The burgeoning high rise building industry attracted the family-style entrepreneurs who used their own strength, children, other relatives, sweat, and ingenuity to erect their hotel/apartment buildings.  It  was all family and  employees considered themselves part of the family.  Then, as more and more tourists found these islands, the opportunity to make more and more money attracted big time  corporations and the families gave up personal control and oversight; enticed by the enormous sums of money.
     The neighborhood shops, owned and operated by family and family members lined the small side streets in and around Waikiki and a common sight included mothers and their children, enjoying a plate lunch.  T-shirts, shells, jewelry, towels, and other kinds of tourist mementos vied for attention and low price were the norm.  The Internatoal Marketplace, built around a very large banyon tree sprawled along several valuable blocks in Waikiki.  Tourists and locals alike shopped there and smiles and friendliness ruled.  But, and this is a big but, the prime real estate proved to be too much of a lure for the land owners.  Little by little, and then all at once, the small local shops disappeared and were replaced by typical shopping center stores.  Gone was the Hawaiian atmosphere and in its place were stores that existed in every mall all over the world.  Macy s, Kate Spade, Rolex, Banana Republic, Nike, Tiffany, and so forth.  No more fun to shop there.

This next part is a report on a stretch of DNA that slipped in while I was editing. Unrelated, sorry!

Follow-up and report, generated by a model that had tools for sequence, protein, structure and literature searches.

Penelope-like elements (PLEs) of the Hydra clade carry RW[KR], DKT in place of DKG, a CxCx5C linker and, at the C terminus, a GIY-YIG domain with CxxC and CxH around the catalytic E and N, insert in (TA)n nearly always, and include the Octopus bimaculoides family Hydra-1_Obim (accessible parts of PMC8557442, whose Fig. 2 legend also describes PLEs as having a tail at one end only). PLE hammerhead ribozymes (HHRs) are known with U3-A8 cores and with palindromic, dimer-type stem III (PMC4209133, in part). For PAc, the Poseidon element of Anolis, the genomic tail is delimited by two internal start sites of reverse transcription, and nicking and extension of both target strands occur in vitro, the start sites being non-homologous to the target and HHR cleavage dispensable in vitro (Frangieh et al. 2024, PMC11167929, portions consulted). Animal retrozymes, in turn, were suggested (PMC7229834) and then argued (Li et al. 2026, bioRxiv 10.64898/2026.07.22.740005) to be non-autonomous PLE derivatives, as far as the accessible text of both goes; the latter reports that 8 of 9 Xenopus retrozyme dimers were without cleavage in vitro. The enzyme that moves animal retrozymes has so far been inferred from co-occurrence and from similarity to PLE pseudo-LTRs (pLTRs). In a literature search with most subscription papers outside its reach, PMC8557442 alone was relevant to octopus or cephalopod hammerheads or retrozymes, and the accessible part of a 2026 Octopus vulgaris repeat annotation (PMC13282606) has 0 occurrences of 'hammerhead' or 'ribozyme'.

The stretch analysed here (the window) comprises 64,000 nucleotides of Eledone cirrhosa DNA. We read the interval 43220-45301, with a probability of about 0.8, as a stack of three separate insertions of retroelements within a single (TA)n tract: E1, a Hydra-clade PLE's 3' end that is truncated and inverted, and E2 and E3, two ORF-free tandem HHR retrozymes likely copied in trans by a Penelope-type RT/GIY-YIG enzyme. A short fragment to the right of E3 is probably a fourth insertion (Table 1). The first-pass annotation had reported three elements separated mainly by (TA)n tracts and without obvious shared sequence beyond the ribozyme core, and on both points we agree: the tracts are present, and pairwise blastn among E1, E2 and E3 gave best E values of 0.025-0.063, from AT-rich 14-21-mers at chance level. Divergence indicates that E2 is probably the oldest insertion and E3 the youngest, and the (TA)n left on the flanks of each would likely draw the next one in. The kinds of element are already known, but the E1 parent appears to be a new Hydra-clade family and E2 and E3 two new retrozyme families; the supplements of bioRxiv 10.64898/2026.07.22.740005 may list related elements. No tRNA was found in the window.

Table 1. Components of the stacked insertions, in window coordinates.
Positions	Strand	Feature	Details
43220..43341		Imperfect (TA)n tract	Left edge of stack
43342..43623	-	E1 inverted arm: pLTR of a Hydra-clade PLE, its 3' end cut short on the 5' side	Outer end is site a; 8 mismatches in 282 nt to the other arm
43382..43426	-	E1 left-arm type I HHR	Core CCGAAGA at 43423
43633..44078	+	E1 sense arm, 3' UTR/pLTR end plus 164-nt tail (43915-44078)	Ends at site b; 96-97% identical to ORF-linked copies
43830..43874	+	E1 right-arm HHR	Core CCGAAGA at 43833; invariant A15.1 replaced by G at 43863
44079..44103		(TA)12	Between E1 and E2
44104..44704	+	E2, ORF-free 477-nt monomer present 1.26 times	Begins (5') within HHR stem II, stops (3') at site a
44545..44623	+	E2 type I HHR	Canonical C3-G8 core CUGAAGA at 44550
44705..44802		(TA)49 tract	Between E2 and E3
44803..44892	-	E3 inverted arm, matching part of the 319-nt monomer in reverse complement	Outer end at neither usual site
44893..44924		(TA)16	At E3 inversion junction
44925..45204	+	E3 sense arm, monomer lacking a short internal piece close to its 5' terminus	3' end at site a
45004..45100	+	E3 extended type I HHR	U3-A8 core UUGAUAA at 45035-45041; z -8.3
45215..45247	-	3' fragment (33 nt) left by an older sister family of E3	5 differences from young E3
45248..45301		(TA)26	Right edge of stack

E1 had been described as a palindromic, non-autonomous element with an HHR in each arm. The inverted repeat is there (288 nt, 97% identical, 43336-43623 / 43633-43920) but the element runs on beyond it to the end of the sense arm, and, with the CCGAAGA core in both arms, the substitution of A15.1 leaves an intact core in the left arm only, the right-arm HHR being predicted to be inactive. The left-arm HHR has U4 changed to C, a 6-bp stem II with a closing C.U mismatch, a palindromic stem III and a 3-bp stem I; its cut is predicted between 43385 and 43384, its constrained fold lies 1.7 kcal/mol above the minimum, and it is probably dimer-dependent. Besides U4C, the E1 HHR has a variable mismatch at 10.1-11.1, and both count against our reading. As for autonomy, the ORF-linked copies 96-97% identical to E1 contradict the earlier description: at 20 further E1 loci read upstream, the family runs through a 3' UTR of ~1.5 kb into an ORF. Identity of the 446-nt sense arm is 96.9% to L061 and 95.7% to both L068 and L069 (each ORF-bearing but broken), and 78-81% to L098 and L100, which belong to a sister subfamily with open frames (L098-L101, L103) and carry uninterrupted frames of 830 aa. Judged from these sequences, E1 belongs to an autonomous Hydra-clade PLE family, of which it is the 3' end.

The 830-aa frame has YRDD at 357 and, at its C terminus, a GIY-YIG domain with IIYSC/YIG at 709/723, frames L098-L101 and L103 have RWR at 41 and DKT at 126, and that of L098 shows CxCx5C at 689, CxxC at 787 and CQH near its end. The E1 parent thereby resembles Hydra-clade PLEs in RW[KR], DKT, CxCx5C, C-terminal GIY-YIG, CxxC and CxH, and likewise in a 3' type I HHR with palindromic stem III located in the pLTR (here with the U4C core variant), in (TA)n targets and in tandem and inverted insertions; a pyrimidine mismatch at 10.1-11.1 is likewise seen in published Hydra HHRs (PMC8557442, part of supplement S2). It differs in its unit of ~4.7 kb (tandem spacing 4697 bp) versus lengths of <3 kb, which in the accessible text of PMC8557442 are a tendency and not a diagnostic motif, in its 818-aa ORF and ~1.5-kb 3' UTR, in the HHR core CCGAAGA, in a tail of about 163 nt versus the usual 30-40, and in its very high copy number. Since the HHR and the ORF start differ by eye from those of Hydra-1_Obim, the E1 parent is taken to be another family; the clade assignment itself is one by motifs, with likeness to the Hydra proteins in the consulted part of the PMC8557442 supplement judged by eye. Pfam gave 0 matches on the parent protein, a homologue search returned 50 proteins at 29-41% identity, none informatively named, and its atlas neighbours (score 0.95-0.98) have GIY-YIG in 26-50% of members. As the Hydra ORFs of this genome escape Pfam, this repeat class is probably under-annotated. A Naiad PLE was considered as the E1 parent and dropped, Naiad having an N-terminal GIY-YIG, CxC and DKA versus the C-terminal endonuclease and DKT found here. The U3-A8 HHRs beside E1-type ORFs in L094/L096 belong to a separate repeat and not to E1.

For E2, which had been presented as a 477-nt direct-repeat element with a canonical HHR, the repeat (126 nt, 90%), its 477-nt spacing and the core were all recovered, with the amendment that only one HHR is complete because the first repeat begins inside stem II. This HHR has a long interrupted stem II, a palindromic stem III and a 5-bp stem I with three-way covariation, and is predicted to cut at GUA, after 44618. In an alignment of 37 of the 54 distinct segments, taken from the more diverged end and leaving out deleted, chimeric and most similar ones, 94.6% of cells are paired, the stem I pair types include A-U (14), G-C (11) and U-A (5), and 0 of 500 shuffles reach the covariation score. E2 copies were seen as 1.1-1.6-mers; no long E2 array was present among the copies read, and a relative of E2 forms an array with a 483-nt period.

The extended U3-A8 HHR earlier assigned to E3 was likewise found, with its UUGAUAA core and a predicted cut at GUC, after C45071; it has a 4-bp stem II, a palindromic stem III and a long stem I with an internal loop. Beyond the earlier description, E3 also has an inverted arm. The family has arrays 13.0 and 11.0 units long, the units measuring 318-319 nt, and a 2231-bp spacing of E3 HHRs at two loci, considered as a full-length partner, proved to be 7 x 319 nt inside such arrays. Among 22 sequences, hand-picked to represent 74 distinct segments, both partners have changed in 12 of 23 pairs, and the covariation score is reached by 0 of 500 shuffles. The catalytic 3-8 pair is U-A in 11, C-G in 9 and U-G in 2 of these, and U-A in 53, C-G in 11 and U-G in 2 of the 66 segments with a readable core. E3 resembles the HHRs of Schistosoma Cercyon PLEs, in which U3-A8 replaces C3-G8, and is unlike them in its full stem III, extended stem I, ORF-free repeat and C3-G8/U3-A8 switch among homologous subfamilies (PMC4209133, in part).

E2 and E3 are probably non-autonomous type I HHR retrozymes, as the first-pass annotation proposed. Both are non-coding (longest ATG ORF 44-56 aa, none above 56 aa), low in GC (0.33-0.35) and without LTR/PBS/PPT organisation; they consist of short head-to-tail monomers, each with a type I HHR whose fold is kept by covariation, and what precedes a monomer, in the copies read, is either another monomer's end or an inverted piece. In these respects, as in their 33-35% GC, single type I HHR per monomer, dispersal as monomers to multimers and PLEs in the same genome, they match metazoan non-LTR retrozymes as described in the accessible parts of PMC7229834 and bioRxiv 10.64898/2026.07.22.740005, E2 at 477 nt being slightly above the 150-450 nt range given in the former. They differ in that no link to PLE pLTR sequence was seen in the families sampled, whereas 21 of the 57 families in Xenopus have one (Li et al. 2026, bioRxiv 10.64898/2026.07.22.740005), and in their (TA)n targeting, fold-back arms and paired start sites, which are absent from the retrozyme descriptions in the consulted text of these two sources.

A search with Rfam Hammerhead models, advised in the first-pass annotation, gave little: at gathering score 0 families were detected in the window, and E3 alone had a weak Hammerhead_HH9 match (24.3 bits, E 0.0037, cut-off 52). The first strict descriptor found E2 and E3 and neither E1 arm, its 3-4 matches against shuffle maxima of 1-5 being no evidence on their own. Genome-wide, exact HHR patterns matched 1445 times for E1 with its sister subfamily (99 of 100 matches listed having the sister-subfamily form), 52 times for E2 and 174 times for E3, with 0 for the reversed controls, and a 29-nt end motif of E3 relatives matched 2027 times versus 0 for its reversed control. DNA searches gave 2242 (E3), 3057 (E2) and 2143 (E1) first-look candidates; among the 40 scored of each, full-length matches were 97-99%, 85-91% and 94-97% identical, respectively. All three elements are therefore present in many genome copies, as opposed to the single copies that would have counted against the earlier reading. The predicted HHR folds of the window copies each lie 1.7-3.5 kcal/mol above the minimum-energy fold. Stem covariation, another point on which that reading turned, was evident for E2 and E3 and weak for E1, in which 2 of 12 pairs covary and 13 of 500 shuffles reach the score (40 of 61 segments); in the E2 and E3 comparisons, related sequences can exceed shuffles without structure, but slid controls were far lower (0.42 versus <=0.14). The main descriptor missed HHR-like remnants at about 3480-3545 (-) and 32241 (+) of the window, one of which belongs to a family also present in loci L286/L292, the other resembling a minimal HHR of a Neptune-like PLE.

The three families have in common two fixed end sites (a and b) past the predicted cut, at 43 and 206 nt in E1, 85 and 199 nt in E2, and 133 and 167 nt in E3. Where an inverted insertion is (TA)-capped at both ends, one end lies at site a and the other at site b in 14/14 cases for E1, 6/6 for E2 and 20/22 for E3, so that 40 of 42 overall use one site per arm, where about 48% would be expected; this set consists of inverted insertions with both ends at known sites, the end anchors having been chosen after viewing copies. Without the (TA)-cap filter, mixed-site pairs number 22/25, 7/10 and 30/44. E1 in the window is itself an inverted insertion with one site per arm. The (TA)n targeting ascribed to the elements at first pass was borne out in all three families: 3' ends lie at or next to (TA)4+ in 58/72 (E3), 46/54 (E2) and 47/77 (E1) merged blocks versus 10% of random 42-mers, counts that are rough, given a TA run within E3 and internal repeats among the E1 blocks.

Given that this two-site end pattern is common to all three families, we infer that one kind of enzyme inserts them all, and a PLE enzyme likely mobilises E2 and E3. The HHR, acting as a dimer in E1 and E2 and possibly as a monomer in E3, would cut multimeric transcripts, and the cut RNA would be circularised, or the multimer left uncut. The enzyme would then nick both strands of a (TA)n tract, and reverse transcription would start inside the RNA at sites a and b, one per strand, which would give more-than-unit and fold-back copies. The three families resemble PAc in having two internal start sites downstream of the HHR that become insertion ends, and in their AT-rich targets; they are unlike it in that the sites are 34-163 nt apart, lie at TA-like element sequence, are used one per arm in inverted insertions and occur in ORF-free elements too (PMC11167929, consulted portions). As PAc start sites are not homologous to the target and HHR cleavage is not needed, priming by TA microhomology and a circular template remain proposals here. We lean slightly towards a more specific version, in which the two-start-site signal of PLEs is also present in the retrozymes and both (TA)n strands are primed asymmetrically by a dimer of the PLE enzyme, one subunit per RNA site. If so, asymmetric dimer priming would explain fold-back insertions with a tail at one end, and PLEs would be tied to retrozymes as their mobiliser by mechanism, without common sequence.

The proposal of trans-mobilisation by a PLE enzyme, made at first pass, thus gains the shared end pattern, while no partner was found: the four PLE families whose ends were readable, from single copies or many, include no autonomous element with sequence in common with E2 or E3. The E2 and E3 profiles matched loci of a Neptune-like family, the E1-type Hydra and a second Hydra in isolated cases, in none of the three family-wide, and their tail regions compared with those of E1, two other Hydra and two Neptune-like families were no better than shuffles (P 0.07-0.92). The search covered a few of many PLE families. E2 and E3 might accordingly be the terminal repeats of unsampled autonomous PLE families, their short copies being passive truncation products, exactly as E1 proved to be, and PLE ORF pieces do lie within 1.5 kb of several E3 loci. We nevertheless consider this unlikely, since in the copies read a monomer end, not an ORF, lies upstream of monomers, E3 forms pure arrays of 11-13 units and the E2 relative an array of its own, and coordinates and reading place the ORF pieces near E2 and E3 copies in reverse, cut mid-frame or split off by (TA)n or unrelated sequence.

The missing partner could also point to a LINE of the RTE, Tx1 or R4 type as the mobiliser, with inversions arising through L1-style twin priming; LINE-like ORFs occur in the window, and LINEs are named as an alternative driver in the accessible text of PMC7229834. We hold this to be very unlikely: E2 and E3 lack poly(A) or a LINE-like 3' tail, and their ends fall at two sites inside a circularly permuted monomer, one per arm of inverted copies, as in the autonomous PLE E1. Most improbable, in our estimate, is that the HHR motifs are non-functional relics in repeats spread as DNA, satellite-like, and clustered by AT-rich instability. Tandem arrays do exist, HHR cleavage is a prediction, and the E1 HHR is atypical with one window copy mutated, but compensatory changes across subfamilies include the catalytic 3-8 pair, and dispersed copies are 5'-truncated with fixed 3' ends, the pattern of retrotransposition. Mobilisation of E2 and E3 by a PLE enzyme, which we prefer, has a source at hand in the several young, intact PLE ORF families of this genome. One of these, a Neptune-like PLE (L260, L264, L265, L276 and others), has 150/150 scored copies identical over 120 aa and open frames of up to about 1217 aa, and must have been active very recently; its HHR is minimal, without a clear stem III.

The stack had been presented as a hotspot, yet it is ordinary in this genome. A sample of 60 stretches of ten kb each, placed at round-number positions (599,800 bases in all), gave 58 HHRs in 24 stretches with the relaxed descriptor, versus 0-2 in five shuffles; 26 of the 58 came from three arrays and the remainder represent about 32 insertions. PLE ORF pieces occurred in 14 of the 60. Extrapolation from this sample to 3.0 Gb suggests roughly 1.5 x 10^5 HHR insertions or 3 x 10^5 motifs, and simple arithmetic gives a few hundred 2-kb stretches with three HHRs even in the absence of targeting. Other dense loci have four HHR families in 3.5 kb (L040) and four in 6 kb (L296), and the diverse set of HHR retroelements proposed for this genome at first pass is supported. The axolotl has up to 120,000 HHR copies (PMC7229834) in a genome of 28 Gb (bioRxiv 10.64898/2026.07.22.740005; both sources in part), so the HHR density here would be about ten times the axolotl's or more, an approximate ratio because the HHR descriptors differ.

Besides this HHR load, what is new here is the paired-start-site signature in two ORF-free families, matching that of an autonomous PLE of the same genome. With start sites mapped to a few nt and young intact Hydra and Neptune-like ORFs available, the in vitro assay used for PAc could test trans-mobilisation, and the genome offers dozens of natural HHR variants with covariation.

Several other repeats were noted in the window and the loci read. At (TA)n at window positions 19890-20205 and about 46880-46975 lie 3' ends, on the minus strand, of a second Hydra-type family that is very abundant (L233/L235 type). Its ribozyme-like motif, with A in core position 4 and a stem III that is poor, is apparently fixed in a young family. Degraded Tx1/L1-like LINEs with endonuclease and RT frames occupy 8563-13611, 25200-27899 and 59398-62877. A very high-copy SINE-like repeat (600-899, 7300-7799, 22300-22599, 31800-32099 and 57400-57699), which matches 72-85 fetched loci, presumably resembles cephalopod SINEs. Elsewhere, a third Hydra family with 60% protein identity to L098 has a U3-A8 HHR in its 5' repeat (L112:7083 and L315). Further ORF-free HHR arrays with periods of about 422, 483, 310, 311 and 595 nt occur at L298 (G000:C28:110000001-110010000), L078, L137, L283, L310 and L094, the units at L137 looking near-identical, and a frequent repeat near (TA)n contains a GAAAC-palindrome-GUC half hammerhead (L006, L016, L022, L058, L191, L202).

There were still strolling musicians, mimes, palm leaf hat makers, time-share sellers, and the like but those people exist all over.  The magic of Hawaii was lost to the large corporations, at least for me.

Friday, March 2, 2018

Jerome Coopersmith

Edgar and I watched the old original Hawaii Five-0 TV shows with regularity.  And we had our favorites, particularly the one with Helen Hayes.  And as we watched them in reruns, we realized that the ones we enjoyed the most were written by Jerome Coopersmith.  That got Edgar to musing and he thought that he had a class or two with Coopersmith at Penn.  As we paid more attention to the writer credits, we saw that Edgar's memory must have been correct.  On at least two occasions, a character in the story was named Edgar.  One of them was Edgar P.